Uncertain future

End of lifeline may spell the end for some firms

Mr Ong Hanjie, managing director of EU Asia Holidays, says that even with the Jobs Support Scheme, the tour agency's current revenue cannot support staff wages. ST PHOTO: YONG LI XUAN
Mr Ong Hanjie, managing director of EU Asia Holidays, says that even with the Jobs Support Scheme, the tour agency's current revenue cannot support staff wages. ST PHOTO: YONG LI XUAN

While companies in sectors badly hit by Covid-19 appreciate the extension of the Jobs Support Scheme (JSS), smaller players are brooding over how to keep their businesses alive as the support gradually tapers off.

Especially for smaller companies in the hard-hit sectors of aviation, aerospace and tourism, the JSS has been a lifeline, helping to retain local staff and keeping businesses afloat as revenues plunged.

It has gone a long way in supporting tour agency EU Asia Holidays' 120-strong workforce, half of which is made up of local residents.

Managing director Ong Hanjie said the company's revenue has dipped by about 90 per cent.

"Even with the JSS, the current revenue cannot support staff wages," he said. "But we can't expect the Government to keep helping us, because it's not sustainable."

The company is now relying on its reserves and selling cruise and local tour packages to stay afloat.

Mr Ong said: "We're hopeful that there will be stronger tourist numbers by the end of this year. If not, we may have to consider cost-cutting measures, such as temporary layoffs."

Under the JSS, the Government pays a portion of the wages of employees who are Singaporeans or permanent residents.

For those in the worst-hit sectors, the JSS will provide wage subsidies for local employees until September.

Mr Pete L. Pela, owner and chief executive of Tall Ship Adventures, which hosts events such as corporate charters and dinner cruises on its ship, the Royal Albatross, said the company has been surviving largely on government support.

He said: "If regulations are relaxed and (corporate and private) events resume, then tapering off the JSS is appropriate. But if not, we will really struggle if government support is not maintained at the current levels."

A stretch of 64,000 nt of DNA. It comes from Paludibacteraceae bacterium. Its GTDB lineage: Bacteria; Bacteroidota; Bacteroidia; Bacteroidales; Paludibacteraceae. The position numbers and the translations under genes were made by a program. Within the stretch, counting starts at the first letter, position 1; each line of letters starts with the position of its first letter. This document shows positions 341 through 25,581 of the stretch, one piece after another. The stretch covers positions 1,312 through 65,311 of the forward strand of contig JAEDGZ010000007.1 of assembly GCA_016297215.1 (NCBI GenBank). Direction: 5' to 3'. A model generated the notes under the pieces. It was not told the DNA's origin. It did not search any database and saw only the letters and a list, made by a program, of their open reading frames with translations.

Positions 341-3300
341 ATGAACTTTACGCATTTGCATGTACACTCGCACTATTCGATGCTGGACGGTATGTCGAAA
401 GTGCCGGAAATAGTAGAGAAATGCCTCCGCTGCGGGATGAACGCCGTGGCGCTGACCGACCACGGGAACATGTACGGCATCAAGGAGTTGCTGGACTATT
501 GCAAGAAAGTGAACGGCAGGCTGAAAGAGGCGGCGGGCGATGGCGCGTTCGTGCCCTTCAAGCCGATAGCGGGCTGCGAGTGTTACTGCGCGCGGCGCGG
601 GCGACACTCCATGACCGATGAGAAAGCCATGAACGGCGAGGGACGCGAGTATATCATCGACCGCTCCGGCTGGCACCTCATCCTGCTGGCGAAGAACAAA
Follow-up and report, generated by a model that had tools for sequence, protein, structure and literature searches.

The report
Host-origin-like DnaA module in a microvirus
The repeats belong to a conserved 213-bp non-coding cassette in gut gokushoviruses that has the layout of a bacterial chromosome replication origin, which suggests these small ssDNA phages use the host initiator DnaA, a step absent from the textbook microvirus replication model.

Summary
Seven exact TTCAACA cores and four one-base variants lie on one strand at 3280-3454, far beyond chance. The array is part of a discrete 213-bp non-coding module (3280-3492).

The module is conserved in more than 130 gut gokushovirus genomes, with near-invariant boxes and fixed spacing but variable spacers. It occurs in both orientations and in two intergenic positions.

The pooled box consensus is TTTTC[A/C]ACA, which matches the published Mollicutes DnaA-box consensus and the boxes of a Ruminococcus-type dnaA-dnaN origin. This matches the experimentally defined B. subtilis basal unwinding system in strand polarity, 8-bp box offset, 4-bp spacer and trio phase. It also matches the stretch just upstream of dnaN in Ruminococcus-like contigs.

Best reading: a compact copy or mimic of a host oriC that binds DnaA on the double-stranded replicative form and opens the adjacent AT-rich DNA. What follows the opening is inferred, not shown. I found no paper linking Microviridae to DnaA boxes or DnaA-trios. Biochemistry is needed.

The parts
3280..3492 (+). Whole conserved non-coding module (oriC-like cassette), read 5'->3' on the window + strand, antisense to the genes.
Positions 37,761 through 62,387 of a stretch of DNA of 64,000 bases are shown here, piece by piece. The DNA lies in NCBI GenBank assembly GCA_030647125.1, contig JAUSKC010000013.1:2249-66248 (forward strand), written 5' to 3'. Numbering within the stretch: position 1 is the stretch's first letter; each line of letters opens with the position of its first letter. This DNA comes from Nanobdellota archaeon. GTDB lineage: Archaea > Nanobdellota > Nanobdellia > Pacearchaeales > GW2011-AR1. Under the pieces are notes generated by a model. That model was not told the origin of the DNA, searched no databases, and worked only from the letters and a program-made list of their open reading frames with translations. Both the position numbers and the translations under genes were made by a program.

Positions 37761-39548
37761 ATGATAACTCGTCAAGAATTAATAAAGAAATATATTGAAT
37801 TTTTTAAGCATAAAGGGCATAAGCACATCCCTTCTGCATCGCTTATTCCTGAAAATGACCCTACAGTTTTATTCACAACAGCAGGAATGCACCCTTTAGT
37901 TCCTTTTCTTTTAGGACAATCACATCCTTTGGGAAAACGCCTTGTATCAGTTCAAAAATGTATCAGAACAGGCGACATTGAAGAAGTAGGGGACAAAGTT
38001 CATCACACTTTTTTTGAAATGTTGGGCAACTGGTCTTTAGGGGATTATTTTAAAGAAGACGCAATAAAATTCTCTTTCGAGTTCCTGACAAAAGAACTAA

The company is now focusing on improving food offerings for its luxury dining cruises to attract local customers.


The end of the JSS could possibly sound the death knell for some, such as money changer Straits Foreign Exchange in Bukit Batok.

Mr Oli Mohamed, 47, who has been running his business for about 12 years, is now relying on the JSS to pay his three local employees.

Business is almost at a standstill for him, with hardly anyone travelling.

Mr Oli said: "It's going to get really difficult when it gets to only 10 per cent of support. I plan to hold on for about one or two years. If things don't improve and we cannot get more support, I think I may have to close down."


But the JSS has also provided a glimmer of hope for some hard-hit companies, such as by giving them the leeway to focus on upskilling their workforce and finding new growth opportunities as the pandemic drags on.

Pan Pacific Hotels Group chief executive Choe Peng Sum said: "The hospitality industry is manpower resource-heavy. The extended JSS will allow us to protect jobs and continue our workforce transformation, through reskilling and upskilling of our associates."

With government support, Mr Choe said, the group has been able to focus on rolling out new digital initiatives such as hybrid meeting packages and virtual wedding shows.

Similarly, airport ground-handling company dnata has found that the added support has allowed it to retrain its staff.

Its chief financial officer Musdalifa Abdullah said: "One of our many success stories was when we trained customer service officers to use the cargo systems. This allowed full redeployed opportunities to our cargo terminal, where we even had a staff member obtaining her forklift driving permit to pursue a new career direction."

Some companies are also diversifying their revenue streams.

Mr Kevin Chow, country director and chief executive of aerospace company Thales in Singapore, said: "We are aware that the industry will look very different once the worst of the pandemic is behind us. Therefore, the JSS is supporting our efforts in transforming our aerospace business in Singapore."

The company is exploring new business areas such as drone management.

The efforts have already paid off for some, such as precision engineering company Coway Engineering & Marketing, whose core business is in the aerospace and oil and gas industries.

Managing director Lien Whai Cheng said the JSS has been critical in helping it to retain its 40 workers, more than half of whom are local.

He said: "Because of JSS, we were able to keep all our workers. As we start to see gradual recovery, it is only reasonable that support starts to wear off."

The company has started to diversify its revenue streams to prepare for the cessation of the JSS, and is doing much better than earlier in the pandemic, said Mr Lien.

"We're venturing into areas such as semiconductors and defence, and business has picked up by about 10 per cent due to these efforts."

A version of this article appeared in the print edition of The Sunday Times on February 21, 2021, with the headline 'End of lifeline may spell the end for some firms'. Subscribe